Pride Month is a great time to teach your students about the LGBTQ+ community and their long-standing struggle for social justice.
Educate your class about important terms, definitions, the Pride Movement, and LGBTQ+ stories!
Teach the history of Pride Month
Learning more about how Pride Month started is a good way to start celebrating LGBTQ+ communities.
Pride Month is commemorated each year in June to honor the 1969 Stonewall uprising in New York City.
Supporters of the Stonewall Inn, a gay club in Greenwich Village, had staged a resistance against a police raid that was targeting LGBTQ+ Americans.
Protestors demanded that safe havens be established where LGBTQ+ people can be safely open about their sexual orientation without fear of arrest.
The Stonewall Riots paved the way for the modern fight to outlaw discriminatory laws against the LGBTQ+ community.
While the fight continues, Pride Month also includes celebratory parades, parties, workshops, concerts, and more.
You can structure a lesson on the Stonewall Uprisings just like you do with any important event or see how this high school lesson plan is built.
Highlight LGBTQ+ history
Many people questioned and broke the societal expectations of gender and sexuality yet are often hidden from traditionally taught history.
Utilize The Hidden Voices LGBTQ+ Project to teach students about individuals who influenced the social, political, artistic, and economic landscape in significant ways. It also includes an overview of U.S. LGBTQ+ history, sample focus questions, and comprehensive profiles of historical figures.
Unheard Voices is another amazing resource to use in middle school or high school. It’s an oral history and curriculum project that explores broad themes including silence vs. invisibility, and inclusion vs. exclusion.
Teach about all of the pride flags
The rainbow flag that you might be familiar with first started with Harvey Milk.
Milk was the first openly gay person to hold a high public office in a major American city, in this case, San Francisco. His campaigning emphasized hope for young gay people, so he asked the artist Gilbert Baker to design a unifying symbol.
That symbol turned out to be the rainbow flag, which first debuted at the San Francisco Pride Parade in 1978.
In addition to the rainbow flag, there are flags for a wide range of sexual orientations and gender identities just like how different states have their own state flag.
Know the difference between sex, gender, and sexuality
Gender, sex, and sexuality are not interchangeable terms, so it’s important to know what each mean.
Gender: Refers to socially constructed characteristics of females and males, such as roles, behaviors, and norms.
Sex: “Refers to a person’s anatomy, physical attributes such as external sex organs, sex chromosomes and internal reproductive structures” (Learning For Justice).
Sexuality/ Sexual Orientation: “Our physical, emotional and/or romantic attractions to others” (Learning For Justice).
Gender Identity: “A person’s gender-related identity, whether or not that gender-related identity, appearance or behavior is different from that traditionally associated with the person’s physiology or assigned sex at birth. Everyone has a gender identity. Gender Identity is a person’s inner sense of being a man or a woman, some combination of both, or neither” (PBS Learning Media).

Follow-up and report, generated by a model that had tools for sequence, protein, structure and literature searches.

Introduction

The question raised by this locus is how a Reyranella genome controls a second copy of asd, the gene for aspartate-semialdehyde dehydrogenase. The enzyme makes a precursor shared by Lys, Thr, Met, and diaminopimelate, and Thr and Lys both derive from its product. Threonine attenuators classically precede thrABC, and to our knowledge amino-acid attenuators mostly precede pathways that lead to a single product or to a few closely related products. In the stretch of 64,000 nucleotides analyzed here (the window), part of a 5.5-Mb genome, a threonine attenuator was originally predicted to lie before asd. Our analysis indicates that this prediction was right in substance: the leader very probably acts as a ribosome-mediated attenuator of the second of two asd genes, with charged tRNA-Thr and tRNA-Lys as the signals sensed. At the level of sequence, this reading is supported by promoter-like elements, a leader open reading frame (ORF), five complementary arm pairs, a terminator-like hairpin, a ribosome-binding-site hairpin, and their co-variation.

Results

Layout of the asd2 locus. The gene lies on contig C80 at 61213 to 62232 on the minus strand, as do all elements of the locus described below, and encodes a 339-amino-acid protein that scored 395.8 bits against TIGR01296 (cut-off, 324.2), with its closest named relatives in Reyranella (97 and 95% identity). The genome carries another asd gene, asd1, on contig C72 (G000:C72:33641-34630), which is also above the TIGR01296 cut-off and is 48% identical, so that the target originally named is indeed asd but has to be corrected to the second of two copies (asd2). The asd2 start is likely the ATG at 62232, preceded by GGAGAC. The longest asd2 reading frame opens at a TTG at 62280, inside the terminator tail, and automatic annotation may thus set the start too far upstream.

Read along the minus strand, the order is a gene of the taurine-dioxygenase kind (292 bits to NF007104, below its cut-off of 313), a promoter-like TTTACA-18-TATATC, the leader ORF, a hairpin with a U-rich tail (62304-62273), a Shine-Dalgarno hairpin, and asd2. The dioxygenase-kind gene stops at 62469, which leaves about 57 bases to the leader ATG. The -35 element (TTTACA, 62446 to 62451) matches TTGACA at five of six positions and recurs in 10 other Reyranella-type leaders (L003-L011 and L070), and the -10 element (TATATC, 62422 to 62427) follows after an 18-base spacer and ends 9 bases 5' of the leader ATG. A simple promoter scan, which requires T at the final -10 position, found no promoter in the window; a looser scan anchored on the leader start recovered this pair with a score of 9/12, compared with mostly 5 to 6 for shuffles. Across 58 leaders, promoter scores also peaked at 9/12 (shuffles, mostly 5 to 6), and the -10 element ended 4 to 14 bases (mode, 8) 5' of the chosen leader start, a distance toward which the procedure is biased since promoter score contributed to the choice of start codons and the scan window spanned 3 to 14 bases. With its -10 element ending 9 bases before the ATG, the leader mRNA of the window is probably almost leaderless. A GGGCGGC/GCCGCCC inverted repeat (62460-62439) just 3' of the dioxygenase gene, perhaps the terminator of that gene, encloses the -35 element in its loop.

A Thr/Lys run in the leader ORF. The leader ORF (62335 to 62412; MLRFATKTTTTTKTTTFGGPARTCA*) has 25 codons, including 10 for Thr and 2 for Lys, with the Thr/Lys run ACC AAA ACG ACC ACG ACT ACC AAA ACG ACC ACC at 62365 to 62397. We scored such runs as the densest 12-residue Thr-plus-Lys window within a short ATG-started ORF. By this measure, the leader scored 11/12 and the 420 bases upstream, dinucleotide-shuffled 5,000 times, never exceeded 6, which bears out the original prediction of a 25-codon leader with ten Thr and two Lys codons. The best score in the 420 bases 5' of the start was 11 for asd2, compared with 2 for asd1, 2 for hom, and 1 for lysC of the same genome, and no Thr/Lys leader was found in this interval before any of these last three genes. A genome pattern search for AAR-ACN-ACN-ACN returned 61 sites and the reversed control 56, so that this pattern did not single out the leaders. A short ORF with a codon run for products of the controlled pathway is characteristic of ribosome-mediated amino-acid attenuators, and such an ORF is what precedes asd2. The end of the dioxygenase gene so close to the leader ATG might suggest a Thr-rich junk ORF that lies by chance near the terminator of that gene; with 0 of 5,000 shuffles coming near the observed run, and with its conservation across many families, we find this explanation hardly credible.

Learning For Justice has K-12 lesson plans to help teachers navigate the complex topics of gender and sexual identity with their class. The lessons cover topics such as privilege tied to certain identities and figuring out how to express your own identity.
To break away from girl/boy labels, use this lesson toolkit to host a gender-neutral day and have students question gendered spaces present throughout their time in school.
Be aware of pride definitions
LGBTQ+ is a common abbreviation for lesbian, gay, bisexual, queer or questioning. The term is often used to encompass all of the communities in LGBTTQQIAAP:
- Asexual/ Ace
LGBTQ+ is often used because it’s user friendly.
For common terminology used to address sexual identity, gender expression, and gender identity, check out this list.
You can also view this Toolkit for Educators for more terms and resources to help educators promote understanding, awareness, and self-esteem in the classroom.
There are a LOT of terms and terms that are always evolving. Don’t stress about memorizing the entire list.
The most important thing is to be respectful of everyone’s identities and use the terms that people prefer.
Share the stories of LGBTQ+ people
A critical way to highlight underrepresented communities is to showcase individual voices. Celebrate Pride Month by sharing LGBTQ+ stories with your students.
We Are The Youth is an ongoing photojournalism project that shares the stories of lesbian, gay, bisexual, transgender and queer youth in the United States.
I’m From Driftwood aims to help LGBTQ+ people learn more about their community through the power of sharing stories.
You can also include LGBTQ+ inclusive books into your curriculum. Getting Smart created a list of great books from preschool to high school.
We hope you utilize these suggestions and resources to celebrate LGBTQ+ Pride with your students.
Helping students gain a better understanding of different communities builds empathy and allows LGBTQ+ students to feel safer and more affirmed in your classroom.
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